Story

( Permalink: Gentoo Linux 2004.2      Submitted by Noel Sun Oct 3, 2004 )

The future of Linux multimedia
"No, Linux desktops' multimedia capabilities are not on par with Windows' -- things are now at the point where Linux is preferable to Windows. Today the biggest Linux multimedia projects, like xine and MPlayer, are about to release full 1.0 versions, which means stable and powerful support. One of the net's biggest multimedia companies, Real Networks, has a brand new release of the ever-popular RealPlayer. Sound drivers via Advanced Linux Sound Architecture (ALSA) are well into 1.0 status, giving us fully functional surround sound and a stable API. As for visuals, The two biggest video card manufacturers, ATI and nVidia, officially support Linux."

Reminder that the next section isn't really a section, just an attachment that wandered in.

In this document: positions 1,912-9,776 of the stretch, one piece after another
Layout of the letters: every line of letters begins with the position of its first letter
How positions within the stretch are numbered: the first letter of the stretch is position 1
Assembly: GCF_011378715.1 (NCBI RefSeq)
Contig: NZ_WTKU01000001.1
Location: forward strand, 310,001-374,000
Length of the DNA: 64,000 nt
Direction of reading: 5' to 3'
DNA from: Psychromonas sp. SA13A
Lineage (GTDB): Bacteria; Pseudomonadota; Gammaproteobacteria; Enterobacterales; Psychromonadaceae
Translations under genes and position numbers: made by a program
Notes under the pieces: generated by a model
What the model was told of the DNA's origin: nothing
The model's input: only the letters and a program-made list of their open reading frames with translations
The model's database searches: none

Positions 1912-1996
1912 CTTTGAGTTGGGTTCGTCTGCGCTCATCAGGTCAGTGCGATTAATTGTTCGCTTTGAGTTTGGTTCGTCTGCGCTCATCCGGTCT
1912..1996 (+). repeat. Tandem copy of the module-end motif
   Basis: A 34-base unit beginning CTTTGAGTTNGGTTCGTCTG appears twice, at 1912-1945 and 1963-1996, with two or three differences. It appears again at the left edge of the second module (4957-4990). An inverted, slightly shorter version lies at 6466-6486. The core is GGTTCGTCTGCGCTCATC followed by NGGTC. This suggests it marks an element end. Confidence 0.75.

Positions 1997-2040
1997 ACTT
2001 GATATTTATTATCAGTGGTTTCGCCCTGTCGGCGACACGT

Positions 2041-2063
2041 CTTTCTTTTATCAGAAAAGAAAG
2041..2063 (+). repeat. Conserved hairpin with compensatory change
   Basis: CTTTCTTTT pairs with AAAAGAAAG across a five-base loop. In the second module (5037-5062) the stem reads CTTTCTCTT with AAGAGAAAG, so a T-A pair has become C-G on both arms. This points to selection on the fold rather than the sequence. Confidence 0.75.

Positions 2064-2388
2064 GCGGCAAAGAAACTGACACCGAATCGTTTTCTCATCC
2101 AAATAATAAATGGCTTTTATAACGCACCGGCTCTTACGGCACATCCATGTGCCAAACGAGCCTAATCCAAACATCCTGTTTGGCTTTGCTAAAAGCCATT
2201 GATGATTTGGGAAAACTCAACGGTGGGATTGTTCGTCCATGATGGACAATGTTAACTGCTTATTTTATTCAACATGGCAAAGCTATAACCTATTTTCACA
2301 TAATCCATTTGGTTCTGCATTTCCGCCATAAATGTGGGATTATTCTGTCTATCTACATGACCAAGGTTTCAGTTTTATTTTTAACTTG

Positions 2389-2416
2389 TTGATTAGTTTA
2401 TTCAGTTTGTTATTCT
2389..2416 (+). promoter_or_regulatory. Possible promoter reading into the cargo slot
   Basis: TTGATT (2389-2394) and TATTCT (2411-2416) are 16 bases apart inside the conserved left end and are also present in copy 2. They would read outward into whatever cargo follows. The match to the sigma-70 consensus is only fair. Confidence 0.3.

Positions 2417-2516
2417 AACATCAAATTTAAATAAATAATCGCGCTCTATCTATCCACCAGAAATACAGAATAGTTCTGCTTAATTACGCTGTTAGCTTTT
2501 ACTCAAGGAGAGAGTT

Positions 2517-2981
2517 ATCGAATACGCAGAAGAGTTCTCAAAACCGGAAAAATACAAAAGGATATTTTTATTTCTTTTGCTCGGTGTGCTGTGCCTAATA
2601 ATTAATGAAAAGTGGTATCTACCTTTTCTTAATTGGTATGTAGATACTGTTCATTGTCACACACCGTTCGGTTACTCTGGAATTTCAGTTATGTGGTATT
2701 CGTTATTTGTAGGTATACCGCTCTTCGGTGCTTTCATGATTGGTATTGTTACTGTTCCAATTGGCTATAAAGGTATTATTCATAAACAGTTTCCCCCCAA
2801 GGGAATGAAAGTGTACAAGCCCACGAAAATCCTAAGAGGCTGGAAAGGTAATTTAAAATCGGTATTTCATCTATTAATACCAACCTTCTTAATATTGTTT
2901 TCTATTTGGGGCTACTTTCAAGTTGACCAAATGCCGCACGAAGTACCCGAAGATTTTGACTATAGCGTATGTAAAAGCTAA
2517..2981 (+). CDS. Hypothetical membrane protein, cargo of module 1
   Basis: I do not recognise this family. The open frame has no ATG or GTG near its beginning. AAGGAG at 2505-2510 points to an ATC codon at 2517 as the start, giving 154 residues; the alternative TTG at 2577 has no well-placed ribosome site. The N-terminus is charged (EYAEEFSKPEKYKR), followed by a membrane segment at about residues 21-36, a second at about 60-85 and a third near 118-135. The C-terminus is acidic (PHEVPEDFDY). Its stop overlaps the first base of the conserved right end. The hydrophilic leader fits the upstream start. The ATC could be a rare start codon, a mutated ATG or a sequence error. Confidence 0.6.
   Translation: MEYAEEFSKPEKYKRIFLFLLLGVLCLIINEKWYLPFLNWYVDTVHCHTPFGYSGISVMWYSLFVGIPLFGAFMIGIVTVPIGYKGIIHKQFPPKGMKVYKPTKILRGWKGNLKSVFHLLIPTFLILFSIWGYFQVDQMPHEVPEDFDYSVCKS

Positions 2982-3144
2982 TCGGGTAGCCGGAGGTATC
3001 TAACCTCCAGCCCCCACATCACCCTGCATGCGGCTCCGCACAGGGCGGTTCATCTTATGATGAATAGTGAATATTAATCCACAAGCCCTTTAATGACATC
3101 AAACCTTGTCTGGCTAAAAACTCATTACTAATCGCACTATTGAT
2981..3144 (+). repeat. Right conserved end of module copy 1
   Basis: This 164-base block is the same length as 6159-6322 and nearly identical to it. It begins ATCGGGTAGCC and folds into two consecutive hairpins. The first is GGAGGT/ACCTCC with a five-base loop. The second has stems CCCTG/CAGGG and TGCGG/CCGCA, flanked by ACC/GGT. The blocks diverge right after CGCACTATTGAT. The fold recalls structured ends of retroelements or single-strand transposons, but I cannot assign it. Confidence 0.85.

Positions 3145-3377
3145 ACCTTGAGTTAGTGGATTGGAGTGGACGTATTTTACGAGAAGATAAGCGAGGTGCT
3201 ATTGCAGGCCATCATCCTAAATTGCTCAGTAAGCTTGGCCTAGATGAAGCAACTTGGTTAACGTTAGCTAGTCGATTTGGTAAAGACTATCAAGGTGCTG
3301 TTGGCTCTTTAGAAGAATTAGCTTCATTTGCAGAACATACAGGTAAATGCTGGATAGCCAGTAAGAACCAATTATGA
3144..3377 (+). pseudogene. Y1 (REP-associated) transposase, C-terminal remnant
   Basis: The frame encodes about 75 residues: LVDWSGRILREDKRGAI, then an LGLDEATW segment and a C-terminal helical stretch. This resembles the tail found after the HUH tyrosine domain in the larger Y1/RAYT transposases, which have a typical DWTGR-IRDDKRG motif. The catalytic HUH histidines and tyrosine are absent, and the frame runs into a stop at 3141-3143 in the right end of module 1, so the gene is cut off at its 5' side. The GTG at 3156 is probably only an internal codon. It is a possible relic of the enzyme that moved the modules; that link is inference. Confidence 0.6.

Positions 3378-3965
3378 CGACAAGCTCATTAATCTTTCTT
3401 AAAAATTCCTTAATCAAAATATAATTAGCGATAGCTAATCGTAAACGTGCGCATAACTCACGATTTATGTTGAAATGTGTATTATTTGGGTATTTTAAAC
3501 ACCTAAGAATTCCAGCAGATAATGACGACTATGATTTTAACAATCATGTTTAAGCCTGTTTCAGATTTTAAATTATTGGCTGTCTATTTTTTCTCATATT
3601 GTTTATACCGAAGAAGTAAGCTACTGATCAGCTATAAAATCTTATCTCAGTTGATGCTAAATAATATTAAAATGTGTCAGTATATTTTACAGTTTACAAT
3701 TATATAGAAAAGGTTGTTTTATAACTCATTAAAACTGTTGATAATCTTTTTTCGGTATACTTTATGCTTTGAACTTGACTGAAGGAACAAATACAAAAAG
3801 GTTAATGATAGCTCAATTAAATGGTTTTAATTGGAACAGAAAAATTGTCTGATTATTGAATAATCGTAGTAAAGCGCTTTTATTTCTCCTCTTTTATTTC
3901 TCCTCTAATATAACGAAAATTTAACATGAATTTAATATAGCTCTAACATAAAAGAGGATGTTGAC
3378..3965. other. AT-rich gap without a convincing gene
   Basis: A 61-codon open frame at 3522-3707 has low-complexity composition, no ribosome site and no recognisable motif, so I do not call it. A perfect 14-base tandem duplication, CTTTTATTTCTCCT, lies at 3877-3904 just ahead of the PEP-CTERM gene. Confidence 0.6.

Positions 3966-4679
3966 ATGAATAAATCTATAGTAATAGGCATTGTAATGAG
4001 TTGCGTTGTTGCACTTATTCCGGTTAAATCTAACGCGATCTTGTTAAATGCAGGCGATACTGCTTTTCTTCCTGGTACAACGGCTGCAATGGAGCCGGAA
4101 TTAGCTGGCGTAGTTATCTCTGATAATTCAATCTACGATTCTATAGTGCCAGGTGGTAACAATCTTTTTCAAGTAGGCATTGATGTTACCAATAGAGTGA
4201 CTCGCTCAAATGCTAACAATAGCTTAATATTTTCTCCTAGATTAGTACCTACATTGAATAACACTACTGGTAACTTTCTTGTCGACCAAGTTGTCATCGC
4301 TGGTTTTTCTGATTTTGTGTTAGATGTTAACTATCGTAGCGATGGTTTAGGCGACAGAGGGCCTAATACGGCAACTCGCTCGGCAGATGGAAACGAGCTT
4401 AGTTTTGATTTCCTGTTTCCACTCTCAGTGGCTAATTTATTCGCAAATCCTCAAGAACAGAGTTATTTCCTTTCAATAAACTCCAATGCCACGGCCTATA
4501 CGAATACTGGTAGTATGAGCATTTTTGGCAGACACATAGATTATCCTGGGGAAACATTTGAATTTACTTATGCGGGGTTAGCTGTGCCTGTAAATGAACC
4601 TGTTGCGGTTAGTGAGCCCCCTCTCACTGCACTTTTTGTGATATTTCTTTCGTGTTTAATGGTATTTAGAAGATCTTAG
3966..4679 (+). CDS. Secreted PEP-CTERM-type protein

Story

( Permalink: The future of Linux multimedia      Submitted by Noel Sun Oct 3, 2004 )

Move Beyond Amateur Filmmaking
"Wanna be a filmmaker? Just grab your DV camera and start shooting, right? Well, if you want to produce something more professional than a glorified "home video," it's not that simple. After a decade of marketing, producing corporate videos and commercials, I was ready to make the leap into narrative filmmaking. With today's technology, all I had to do was grab a camera and go, right? Um, no. If your end game, like mine, is to create a "calling card"--that is, a short film to introduce yourself to the film industry or impress investors--you'll need something more professional."
Story

( Permalink: Move Beyond Amateur Filmmaking      Submitted by Noel Sat Oct 2, 2004 )

Canadian Wireless Neighborhood Network